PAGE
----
NCOC aims to ensure vaccination of 15-20m Pakistanis in next two to three months
There is good reason for worry. With the graph of the third wave rising ominously and the delayed availability of vaccines sufficient to quell the speed of the infection, fears of the pandemic spiking during Ramazan have added to concerns about the situation. Prime Minister Imran Khan has declared categorically that the country cannot afford a lockdown, which means that increased attendance in mosques during the holy month could flare up the rate of infection. Officials say improved availability of vaccines after Eid would speed up the process of inoculation, but for now the figures are telling a grim story.
One such figure is the positivity ratio that explains the percentage of people testing positive as a ratio of the total number of tests conducted in a day. According to official figures, the positivity ratio has increased more than three times in the last four weeks or so. It was 3.3 per cent in the end of February while today it hovers around 10pc. While this is less than the peak positivity ratio in the first wave – recorded at 22 per cent on June 14, 2020 – it is rising dangerously. Significantly, the highest positivity ratio is being registered in urban areas.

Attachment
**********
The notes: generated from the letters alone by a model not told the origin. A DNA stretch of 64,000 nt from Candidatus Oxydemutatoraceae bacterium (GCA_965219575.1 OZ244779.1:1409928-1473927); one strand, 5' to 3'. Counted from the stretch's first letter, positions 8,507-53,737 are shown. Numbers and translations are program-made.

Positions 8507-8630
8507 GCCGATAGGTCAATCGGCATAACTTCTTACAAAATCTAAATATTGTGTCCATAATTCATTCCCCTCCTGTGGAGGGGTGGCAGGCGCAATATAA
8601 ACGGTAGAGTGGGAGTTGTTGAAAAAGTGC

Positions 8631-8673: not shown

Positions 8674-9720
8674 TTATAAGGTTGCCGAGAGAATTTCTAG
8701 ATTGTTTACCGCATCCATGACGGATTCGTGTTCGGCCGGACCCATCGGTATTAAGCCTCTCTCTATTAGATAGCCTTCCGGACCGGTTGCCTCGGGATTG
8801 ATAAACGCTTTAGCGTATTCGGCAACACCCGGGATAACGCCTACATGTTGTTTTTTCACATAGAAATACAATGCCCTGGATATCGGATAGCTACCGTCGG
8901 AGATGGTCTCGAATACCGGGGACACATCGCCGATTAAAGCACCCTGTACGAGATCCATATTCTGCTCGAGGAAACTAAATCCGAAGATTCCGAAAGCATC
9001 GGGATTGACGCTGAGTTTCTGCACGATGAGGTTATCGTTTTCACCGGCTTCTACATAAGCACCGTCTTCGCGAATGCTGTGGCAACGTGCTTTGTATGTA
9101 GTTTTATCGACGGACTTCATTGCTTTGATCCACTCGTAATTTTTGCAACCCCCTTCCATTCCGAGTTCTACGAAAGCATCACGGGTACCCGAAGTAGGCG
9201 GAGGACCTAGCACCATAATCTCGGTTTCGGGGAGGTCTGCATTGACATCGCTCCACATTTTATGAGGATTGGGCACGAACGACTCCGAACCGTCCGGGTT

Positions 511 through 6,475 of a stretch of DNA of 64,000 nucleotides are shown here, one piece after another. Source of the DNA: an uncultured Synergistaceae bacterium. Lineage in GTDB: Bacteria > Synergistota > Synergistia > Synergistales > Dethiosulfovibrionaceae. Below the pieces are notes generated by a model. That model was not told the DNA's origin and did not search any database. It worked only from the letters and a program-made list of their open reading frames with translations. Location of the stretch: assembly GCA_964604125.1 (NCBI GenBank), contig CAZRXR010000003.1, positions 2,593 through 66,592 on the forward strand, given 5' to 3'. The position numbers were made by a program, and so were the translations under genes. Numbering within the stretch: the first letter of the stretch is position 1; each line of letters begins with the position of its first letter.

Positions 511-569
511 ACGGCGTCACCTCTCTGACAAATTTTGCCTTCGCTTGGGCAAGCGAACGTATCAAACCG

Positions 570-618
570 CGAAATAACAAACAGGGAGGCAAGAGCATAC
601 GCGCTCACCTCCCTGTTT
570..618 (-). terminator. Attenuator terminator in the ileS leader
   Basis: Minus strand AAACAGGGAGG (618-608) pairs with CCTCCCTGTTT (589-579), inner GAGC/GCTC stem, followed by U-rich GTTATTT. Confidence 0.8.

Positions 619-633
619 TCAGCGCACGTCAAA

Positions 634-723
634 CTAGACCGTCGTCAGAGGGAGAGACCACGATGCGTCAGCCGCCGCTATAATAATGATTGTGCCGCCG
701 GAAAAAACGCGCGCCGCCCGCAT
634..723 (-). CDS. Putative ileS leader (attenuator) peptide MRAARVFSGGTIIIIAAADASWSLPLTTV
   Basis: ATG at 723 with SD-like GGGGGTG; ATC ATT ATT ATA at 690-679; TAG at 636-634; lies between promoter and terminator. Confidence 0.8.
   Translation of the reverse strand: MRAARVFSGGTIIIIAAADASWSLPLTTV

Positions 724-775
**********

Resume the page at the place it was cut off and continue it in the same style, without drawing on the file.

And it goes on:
The highest positivity ratio is in Peshawar (22.3pc), followed by Gujranwala (19.7pc), Lahore (18.6pc), Muzaffarabad (18.6pc), Faisalabad (16.9pc), Rawalpindi (15.2pc), Swat (14.3pc), Multan (12.2pc), Mirpur (10.6pc), Islamabad (9.1pc), Hyderabad (9pc) and Abbottabad (8.5pc).
The three urban exceptions that have low positivity rate are Karachi (4.6pc), Gujrat (4.4pc) and Jhelum (1.6pc).